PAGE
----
S13 - First Aid At Work
Construction and agriculture account for the highest numbers of work-related deaths. At work in any industry, however, individuals can sustain injury or sudden illness possibly leading to death if occurrences are not immediately acted upon. The most common causes of fatality at work are a fall from height, being struck by a moving or flying object and being struck by a moving vehicle. Unsurprisingly, slips, trips and falls remain the most common causes of non-fatal workplace injuries.
It is imperative that employers have a system in place to ensure their employees receive immediate attention if they are hurt or become ill. The First Aid At Work Procedure is a document aimed at responsible managers which gives detailed advice on how to devise a system, and will assist in compliance with The Health and Safety (First Aid) Regulations 1981. The procedure provides information regarding:
- First aid and its considerations
- Responsible managers’ duties
- First aiders and appointed persons
- Travelling employees, and
- First aid boxes.
What is this?
This is a written procedure which covers all aspects of the management of first aid in the workplace. A PDF of the procedure is available to download (see attached), please use it in conjunction with the attached Toolbox Talk.
What is first aid?
First aid at work covers the arrangements which must be made to ensure that people who suffer injuries or fall ill are given immediate attention and, in serious cases, the emergency services are contacted. First aid can save lives and prevent minor injuries developing into major ones.
What does the responsible manager need to do?
The person responsible for implementing this procedure must ensure that:
- Undertake a risk assessment to identify the first aid requirements of the workplace. This needs to take into account the number of people in the workplace and the activities they are performing;
- Ensure that nominated first aid personnel receive adequate training to enable them to fulfill their roles;
- Ensure that this training is maintained and carried out a minimum of every 3 years;
- Provide a suitable room/area which can be used for dealing with persons requiring first aid treatment (it must be hygienically clean);
- Ensure that suitable equipment is provided within the room/area for persons to remain comfortable whilst receiving treatment;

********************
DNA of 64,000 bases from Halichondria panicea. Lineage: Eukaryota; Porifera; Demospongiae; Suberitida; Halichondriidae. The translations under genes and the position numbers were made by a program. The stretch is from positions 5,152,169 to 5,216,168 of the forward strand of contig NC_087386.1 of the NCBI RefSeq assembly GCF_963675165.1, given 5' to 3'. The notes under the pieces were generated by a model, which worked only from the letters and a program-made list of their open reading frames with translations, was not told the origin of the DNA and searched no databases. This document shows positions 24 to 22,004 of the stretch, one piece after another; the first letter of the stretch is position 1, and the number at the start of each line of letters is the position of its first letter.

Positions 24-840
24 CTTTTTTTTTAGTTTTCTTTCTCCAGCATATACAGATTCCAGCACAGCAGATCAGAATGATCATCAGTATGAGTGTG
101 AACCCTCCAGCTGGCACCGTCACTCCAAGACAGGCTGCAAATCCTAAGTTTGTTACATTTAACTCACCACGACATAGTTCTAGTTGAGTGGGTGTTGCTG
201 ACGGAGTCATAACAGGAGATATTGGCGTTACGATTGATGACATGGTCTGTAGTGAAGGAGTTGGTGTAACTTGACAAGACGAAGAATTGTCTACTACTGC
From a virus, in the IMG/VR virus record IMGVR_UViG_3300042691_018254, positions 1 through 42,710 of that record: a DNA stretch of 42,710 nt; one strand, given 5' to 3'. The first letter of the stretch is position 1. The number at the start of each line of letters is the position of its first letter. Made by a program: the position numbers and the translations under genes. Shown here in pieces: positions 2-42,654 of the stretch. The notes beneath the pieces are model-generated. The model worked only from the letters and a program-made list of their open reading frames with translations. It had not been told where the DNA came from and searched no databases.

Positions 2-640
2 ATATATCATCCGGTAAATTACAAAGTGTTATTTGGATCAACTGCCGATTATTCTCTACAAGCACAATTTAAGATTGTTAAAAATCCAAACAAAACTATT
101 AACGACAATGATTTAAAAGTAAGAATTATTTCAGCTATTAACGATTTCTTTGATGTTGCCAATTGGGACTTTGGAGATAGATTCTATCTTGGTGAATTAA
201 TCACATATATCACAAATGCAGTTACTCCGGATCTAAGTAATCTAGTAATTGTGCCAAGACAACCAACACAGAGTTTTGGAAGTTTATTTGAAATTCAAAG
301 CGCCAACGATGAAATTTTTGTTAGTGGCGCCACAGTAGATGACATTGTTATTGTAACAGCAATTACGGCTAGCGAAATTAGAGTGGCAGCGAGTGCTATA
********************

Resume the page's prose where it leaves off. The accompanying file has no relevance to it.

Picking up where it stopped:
- Ensure that an adequate number of first aid provisions (including eyewash stations) are positioned throughout the workplace, and ensure they are clearly signed and labelled;
- Provide all persons with adequate information, instruction and supervision on all first aid arrangements within the workplace;
- Ensure that these arrangements are in place throughout all hours of work. (Consideration needs to be made to cover holidays and sickness.)
What needs to be considered when assessing first aid needs?
Items to consider:
- Hazards and associated risks within the workplace;
- Number of people who operate in the workplace at any one time (including trainees, disabled persons);
- History of accident and incidents;
- Number of buildings on-site and how spread out they are;
- Hours of work (night work, shift work);
- Distance and location of the workplace if the emergency services are required;
- Employees who travel or work alone;
- Risks to members of the public;
- Amount of first aid provision required and the location in which it will be used/stored;
- Need for a fully trained first aider or an appointed person.
What is an appointed person?
An appointed person is someone who will:
- Take charge of a situation and contact the emergency services
- Monitor and replenish any first aid provisions (i.e. first aid box)
Note: An appointed person cannot administer first aid treatment if they have not been trained.
What is a first aider?
A first aider is a person who has received the relevant training to administer first aid treatment to an injured person. A first aider can undertake the duties of an appointed person.
How many first aiders or appointed persons do I need?
The number of first aid personnel required will be identified through a risk assessment. The Health and Safety (First Aid) Regulations breaks down the requirement into low risk, medium risk and high risk. Please see Appendix 1 in PDF.
What about employees who travel?
Provision should be made to issue all travelling employees with small travel first aid kits. These employees are responsible for ensuring that all used equipment is reported and replenished.
What should I put in a first aid box?
It depends on the nature of your business and the hazards identified through your risk assessment, but the following is a basic guideline:
- A guidance leaflet on first aid;
- At least 20 individually wrapped sterile dressings;
- Two sterile eye pads;
- Four individually wrapped triangular bandages;
- Safety pins;
- Six medium sized individually wrapped unmediated wound dressings;
- Two large individually wrapped unmediated wound dressings;
- One pair of disposable gloves.
Do not keep medicines or tablets in a first aid box
Note: Consideration should be given to making eye wash stations available at various locations throughout the workplace. Remember, once an eye wash container has been opened it is no longer sterile and should be disposed of.
- The Health and Safety (First Aid) Regulations 1981
This workplace procedure forms part of a Health & Safety Risk Management System for employers in the quarrying industry. The procedures, which cover a wide range of workplace risks and hazards, can be viewed here